Well, that snow event from Wednesday was surely a great example of just how variable the weather can be in Western Washington, and why it is so difficult to forecast snow around here.
The Convergence Zone that formed was fairly narrow -- just a few miles across from north to south. And it wasn't a gradual transition from snow-covered streets to bare pavement.
My wife commutes from Mukilteo to Edmonds and reported that snow and slush covered the roadway on Highway 99 from the SR-525 interchange to about 164th Ave. SW in Lynnwood. In fact, 164th reported several snow-related problems with spun out cars and buses.
However, conditions rapidly improved as you went south, and by 196th Ave SW the roads were completely bare and you'd never know it snowed -- just two miles away. And of course, as you headed into Seattle, there was nary a flake to be found at all on Wednesday.
So with that in mind, here are some reported snowfall totals from around the region:
- Duvall: 4.5"
- Bonney Lake: 3.0"
- Mill Creek: 2.7"
- Everett (Silver Lake): 2.5"
- Enumclaw: 2.5"
- Puyallup: 2.5"
- Mukilteo: 2.0"
- Eatonville: 2.0"
- Edgewood: 1.5"
- Friday Harbor: 1.5"
- Canyon Park: 1.0"
- Mount Vernon: 1.0"
It's not uncommon to have such a stark edge to a Convergence Zone. That's because the mechanism that creates the zone also causes drier weather on either side of the zone.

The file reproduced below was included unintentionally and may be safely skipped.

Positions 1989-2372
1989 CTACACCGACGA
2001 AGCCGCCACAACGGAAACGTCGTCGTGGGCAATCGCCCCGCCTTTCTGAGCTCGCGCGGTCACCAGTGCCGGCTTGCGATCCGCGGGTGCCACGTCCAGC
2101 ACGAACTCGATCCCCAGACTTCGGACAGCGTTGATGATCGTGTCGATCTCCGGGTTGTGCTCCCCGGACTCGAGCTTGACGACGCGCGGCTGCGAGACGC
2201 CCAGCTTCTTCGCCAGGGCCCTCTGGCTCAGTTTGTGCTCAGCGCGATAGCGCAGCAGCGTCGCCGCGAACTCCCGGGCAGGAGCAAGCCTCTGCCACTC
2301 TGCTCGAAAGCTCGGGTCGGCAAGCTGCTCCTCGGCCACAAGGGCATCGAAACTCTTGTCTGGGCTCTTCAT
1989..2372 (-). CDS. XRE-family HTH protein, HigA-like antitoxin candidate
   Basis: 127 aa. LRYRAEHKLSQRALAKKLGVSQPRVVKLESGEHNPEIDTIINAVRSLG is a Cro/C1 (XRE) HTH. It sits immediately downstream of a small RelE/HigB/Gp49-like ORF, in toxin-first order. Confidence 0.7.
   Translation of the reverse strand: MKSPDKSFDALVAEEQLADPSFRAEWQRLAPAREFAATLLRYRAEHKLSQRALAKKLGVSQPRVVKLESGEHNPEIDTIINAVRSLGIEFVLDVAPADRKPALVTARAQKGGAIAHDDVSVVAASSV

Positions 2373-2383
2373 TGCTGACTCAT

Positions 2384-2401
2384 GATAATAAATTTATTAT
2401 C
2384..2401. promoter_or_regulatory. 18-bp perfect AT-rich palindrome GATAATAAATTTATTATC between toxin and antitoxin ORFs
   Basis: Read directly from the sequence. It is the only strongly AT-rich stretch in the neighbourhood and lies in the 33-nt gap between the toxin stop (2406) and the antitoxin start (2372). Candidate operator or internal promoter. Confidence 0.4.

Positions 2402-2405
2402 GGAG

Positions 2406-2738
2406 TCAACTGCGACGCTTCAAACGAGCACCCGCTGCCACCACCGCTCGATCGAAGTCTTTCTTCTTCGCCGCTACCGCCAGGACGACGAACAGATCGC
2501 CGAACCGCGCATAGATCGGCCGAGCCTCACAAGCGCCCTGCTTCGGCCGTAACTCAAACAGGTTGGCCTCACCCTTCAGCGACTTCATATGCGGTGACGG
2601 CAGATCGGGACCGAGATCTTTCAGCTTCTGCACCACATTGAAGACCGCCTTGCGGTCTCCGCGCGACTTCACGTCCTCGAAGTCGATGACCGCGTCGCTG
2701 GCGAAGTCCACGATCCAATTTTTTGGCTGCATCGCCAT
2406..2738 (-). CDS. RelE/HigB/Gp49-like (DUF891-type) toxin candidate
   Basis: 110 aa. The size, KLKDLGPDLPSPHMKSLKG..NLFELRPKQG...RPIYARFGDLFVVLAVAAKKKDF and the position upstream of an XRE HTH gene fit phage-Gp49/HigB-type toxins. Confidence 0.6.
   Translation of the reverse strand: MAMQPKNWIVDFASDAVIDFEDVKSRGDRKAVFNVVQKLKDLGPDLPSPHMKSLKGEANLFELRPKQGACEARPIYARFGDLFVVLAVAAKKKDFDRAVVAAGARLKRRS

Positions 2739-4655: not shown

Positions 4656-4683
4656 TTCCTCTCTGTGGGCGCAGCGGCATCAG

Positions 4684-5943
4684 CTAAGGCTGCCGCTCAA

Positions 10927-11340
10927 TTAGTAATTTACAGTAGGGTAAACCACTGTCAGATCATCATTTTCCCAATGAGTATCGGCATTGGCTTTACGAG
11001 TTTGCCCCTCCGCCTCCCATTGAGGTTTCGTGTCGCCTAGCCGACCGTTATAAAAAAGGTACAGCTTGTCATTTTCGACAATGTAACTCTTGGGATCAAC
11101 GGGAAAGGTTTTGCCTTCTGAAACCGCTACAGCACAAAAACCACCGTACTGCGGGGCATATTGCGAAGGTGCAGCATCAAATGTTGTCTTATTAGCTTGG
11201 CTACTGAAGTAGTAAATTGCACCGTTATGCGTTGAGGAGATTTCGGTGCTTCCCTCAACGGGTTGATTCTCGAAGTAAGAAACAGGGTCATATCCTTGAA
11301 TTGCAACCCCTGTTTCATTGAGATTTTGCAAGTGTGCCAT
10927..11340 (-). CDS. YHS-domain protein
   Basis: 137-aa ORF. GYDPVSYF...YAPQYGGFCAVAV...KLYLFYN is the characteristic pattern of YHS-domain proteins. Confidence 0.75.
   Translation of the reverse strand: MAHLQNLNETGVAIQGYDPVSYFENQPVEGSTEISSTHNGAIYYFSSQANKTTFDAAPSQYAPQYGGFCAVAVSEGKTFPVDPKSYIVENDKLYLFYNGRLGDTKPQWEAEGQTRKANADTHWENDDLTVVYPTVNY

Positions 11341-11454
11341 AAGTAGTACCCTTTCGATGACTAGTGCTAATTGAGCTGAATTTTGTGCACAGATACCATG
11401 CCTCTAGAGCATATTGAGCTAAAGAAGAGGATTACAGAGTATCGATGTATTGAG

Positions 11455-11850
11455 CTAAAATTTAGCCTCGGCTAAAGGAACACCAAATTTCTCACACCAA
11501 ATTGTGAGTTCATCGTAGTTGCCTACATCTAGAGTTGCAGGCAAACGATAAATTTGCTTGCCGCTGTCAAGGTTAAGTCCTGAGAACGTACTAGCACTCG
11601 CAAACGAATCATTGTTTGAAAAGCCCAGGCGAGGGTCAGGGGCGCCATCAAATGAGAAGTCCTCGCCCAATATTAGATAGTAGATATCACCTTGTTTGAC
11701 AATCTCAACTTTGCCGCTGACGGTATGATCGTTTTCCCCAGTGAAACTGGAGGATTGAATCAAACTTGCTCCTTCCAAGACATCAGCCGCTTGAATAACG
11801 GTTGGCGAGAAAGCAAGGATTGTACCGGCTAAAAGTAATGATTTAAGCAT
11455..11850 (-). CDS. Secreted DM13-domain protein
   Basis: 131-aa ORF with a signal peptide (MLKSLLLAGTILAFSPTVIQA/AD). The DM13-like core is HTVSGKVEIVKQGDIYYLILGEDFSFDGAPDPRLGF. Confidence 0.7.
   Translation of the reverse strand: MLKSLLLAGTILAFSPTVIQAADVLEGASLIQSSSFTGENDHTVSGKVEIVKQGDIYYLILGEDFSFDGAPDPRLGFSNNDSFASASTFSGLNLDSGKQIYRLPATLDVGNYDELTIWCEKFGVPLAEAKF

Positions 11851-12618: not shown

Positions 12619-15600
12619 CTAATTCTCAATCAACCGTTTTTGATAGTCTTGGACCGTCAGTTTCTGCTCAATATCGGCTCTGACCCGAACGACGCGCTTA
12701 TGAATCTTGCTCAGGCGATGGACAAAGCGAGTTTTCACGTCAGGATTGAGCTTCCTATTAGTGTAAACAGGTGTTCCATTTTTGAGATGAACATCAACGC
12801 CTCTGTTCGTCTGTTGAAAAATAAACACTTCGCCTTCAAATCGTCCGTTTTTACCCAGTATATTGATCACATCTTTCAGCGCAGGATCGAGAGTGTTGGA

The zone is formed by colliding winds at the surface. As those winds rise, they condense and form into clouds and rain/snow/thunder/whatnot. But once those winds reach the upper levels, they diverge and sink back down toward the surface on either side -- think of a large fountain and how the water falls back down to the ground on the edges after being shot into the air.
But sinking air dries as it falls, and thus there is a typical dry slot on either side of the Convergence Zone -- even some clearing sometimes. Thus, the much nicer weather over Seattle today even with the raging snow in Lynnwood.
Want to see more on the Convergence Zone? Take a look at this time lapse video taken from the Univ. of Washington Atmospheric Sciences building and watch how the winds in the morning were out of the south (camera faces west) but then switches to the north as the zone nears and passes by:
And here is a radar loop that shows the Convergence Zone forming and snaking around the North Sound.